Elgato Game Capture HD60 Review


User friendly UI.
Excellent quality capture.
Simple streaming function.
It can stream and record at the same time.
Sleek design.


Very demanding to run at full spec.



The Elgato Game Capture HD60 is a sleek and subtle device that will fit almost anywhere, it’s easy to set up and is very user friendly. The hardware requirements to run the HD60 at max crippled my computer and crashed my entire system to a blue screen. Even though the “Editing” function is as basic as trimming the clip, the overall quality and accessibility of the device should be applauded. If you are a relative newcomer to games capturing then being able to record and/or live stream gameplay means that YouTube is your oyster. This is a great little device and I recommend it to anyone with a high spec rig.

It wasn’t long ago that if I wanted to capture any game footage, I got my Samsung HMX-F90 camcorder and just pointed it at my television to record my gameplay. The fact that I used this technique until a couple of months ago will possibly let you understand that I am not what you could call “techno-savvy”, in fact if it wasn’t for a helpful YouTube tutorial then I would never have figured out how to stream content in the first place.

Times have changed and I have gotten my grubby little mitts on the new Elgato Game Capture HD60. The main difference between this new model and the previous Elgato device is that the HD60 can capture gameplay at full HD 1080p and do it all at 60 FPS, throw in the one click share button and it’s a YouTuber’s dream. The Elgato Game Capture HD60 can be used with the Xbox One, Xbox 360 and Sony’s PS4. Unlike its predecessor this device can’t be used with the PlayStation 3 or any older console that still uses AV cables. The device itself is sleek and small so it will fit in with most workstations and looks rather unassuming.

To connect the HD60, it ships with a USB and HDMI cable and it really is as simple to set up as that. There are 2 USB ports and it supports 1080p60, 1080p30, 1080i, 720p60, 720p30, 576p, 576i and 480p resolutions and weighs 106g/3.7oz. That’s all very interesting, I’m sure you will agree. The most important factor in any games capture device is how it runs.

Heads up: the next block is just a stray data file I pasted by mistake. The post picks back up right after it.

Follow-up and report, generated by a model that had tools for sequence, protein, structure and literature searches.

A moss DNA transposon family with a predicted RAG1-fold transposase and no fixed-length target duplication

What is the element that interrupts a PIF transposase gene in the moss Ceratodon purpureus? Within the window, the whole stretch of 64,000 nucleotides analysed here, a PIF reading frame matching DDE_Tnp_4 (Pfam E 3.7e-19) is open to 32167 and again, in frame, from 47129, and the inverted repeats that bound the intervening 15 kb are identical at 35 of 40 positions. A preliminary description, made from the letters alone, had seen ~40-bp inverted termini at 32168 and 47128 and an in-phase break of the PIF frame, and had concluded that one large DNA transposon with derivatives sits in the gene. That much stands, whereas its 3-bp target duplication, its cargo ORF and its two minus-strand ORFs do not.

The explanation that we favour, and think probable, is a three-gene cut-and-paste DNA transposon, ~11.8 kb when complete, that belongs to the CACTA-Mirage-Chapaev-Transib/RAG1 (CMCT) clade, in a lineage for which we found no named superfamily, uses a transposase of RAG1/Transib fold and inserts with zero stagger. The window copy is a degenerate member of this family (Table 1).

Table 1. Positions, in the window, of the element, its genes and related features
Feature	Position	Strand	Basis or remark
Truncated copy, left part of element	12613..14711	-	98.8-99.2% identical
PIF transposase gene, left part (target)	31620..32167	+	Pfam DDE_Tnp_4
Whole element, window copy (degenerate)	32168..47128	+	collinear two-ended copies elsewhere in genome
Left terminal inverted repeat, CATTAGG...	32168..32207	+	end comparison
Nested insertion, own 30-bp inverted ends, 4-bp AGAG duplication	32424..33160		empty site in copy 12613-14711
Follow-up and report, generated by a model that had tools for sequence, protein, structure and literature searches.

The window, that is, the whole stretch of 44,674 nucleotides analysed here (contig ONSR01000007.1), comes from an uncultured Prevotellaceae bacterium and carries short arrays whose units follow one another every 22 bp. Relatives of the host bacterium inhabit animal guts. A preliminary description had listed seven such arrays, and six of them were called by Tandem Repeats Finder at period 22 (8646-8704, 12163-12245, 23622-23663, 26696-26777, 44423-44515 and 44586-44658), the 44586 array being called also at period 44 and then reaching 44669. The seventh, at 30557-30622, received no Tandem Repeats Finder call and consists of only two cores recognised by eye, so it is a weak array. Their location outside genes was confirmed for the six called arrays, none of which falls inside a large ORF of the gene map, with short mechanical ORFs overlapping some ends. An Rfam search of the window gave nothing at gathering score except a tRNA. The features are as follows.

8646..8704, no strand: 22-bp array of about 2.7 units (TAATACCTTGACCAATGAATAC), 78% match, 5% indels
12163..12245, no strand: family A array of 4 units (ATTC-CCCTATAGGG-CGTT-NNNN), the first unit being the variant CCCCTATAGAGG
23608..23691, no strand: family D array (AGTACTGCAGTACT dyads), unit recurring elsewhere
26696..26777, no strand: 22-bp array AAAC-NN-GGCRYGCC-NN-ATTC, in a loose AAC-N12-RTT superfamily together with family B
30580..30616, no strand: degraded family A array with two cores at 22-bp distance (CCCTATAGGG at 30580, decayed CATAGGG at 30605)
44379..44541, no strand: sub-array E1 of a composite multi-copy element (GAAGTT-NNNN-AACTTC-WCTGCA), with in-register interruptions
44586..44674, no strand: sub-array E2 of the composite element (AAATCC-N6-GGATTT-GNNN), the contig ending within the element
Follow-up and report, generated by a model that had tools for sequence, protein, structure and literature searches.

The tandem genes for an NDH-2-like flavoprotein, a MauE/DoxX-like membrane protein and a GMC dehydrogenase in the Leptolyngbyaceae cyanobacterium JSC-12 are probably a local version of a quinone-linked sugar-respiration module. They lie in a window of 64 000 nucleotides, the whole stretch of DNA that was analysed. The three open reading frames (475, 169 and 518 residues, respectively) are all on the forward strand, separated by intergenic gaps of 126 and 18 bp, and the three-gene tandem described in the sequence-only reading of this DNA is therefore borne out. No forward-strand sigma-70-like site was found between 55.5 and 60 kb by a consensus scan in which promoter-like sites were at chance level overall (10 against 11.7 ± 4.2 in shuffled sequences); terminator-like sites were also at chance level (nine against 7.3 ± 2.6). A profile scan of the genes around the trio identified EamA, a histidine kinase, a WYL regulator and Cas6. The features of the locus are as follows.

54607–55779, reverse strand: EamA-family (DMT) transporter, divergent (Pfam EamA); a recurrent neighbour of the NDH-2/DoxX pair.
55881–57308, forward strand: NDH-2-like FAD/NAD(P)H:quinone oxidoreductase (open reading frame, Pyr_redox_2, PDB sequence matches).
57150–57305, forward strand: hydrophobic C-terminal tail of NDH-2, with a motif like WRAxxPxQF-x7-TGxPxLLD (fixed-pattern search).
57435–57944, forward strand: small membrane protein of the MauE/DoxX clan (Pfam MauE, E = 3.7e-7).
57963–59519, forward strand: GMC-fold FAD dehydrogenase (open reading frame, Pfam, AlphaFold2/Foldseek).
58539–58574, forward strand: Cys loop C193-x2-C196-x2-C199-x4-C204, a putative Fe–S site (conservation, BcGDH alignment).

The Elgato Game Capture HD60 works on lower spec computers but unless you have a pretty sophisticated rig then you can’t expect to use the HD60 to its full potential. You will need:

Game Capture HD60:

  • 2nd Generation Intel Core i5 CPU


  • Windows 7 SP1 or later
  • 4GB of ram
  • Built-in USB2.0 port
  • Stream Command – 2nd Generation Intel Core i7 CPU



  • OSX 10.9 or later
  • 4GB of RAM
  • Built in USB2.0 port


My own computer isn’t top of the range but it is certainly above average. The biggest problem I had when I was using the HD60 was that if I tried to record at too high a setting (anything over 50%) my system would crash within minutes and I would get the fabled Blue Screen of Death. After looking through the help pages on the Elgato site I was none the wiser. The only suggestion I could find to explain the problem was that I was using an old version of the software, that wasn’t the case and after some trial and error I established that the crash was occurring simply because my PC couldn’t handle the strain. While this did initially annoy me I found that even capturing the footage on the lowest setting available was still producing nice, clear images. In fact there was no time when I was using the HD60 that I captured poor footage directly to my hard drive. Even with the demanding requirements to operate the new Elgato device the result of operating at the lower range was impressive. With the one click share button you can upload your newly captured gameplay directly to YouTube, Facebook, Twitter or Apple TV to name but a few.